Be Wary of Some of These "Viral" Images Coming from Baltimore

by Malaika Jabali

Newspaper stories identified the race of the accused, assumed without question that the accused [Black] person was guilty, used a number of dehumanizing terms to label the Black victim—e.g., ‘wretch,’ ‘fiend,’ and ‘desperado’—[and] assumed the Black person's race predisposed him to commit violent crimes.
The aforementioned quote by Professor Richard Perloff was not written to describe a scene in 2015. When discussing black people accused of crimes and subsequently killed by vigilante racists, Perloff is referring to a period in American news media in the early 1900s, a period when 78% of the country’s lynching victims were black. In the midst of reporting on blacks being victimized by white brutality, news media shifted the narrative to enforce the supposed immutable violence of black people. A century later in 2015, almost nothing has changed.

Our technology has evolved to the point where we can proliferate images of blackness at a rapid fire pace. Whether they be empowering, like the Tumblr-driven #BlackOutDay, or dehumanizing—such as the grim footage of Walter Scott’s death at the hands of a South Carolina cop—the narrative from mainstream media has remained static: Thug. Looter. The new wretch. Fiend. Desperado. For a country that has subsisted off of the blood and labor of others, it sure has a way of projecting a violent mythology onto the oppressed.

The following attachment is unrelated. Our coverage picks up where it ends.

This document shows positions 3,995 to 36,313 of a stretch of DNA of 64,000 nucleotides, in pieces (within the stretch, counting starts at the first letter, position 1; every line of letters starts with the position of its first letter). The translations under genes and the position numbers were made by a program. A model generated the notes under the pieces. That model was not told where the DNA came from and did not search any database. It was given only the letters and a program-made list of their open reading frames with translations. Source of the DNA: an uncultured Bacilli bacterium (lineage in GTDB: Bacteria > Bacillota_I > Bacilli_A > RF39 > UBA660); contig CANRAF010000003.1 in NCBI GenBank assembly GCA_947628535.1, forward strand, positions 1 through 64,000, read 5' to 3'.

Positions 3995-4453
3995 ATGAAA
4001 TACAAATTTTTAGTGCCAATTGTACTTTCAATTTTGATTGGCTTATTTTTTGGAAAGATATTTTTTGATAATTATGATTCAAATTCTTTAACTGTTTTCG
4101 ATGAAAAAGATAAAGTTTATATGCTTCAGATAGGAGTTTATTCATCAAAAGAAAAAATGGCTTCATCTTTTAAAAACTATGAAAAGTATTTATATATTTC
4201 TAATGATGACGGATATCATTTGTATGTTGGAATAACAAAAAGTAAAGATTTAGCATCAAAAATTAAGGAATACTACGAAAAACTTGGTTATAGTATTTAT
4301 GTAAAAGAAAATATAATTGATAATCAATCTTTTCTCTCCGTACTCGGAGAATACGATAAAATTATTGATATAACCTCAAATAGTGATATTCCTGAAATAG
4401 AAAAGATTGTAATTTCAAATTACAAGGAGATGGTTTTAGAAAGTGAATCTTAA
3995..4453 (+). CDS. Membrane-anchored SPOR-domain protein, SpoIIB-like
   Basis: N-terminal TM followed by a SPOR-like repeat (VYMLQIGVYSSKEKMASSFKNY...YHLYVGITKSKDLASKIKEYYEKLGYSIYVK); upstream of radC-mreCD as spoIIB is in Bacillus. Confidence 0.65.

So it is disappointing that instead of countering these images, some black people have contributed to their continuation. In the wake of the Baltimore Uprising, through which mostly black demonstrators have released an outpouring of emotions in response to unarmed 25-year-old Freddie Gray mysteriously receiving a spinal cord injury while in the police custody—which led to his death a week later—hundreds of images of Baltimore have dominated news coverage, and much of it has been misleading. Video of black women and men throwing rocks at police officers remain pervasive in the public eye, yet there is little footage of the peaceful protests that had taken place for days leading up to the uprising.

FOX reports on looted liquor stores and “roving gangs” while pictures of charring police vehicles serve as digital smoke signals, calling the masses to merely observe black chaos instead of supporting the cause of thousands of people desperately crying that Black Lives Matter.

Ever more popular is a video of a black mother, Toya Graham, beating up her son for protesting the loss of a fellow young man, whipping him to order and respectability. One can literally Google “angry mom” and nothing else, and at the very top of the search pool is this woman reigning terror on her child. While the footage was captured by a local Baltimore news station, we release it to the masses through our social media accounts as if it is a cheap form of entertainment, no different than the average World Star Hip Hop video.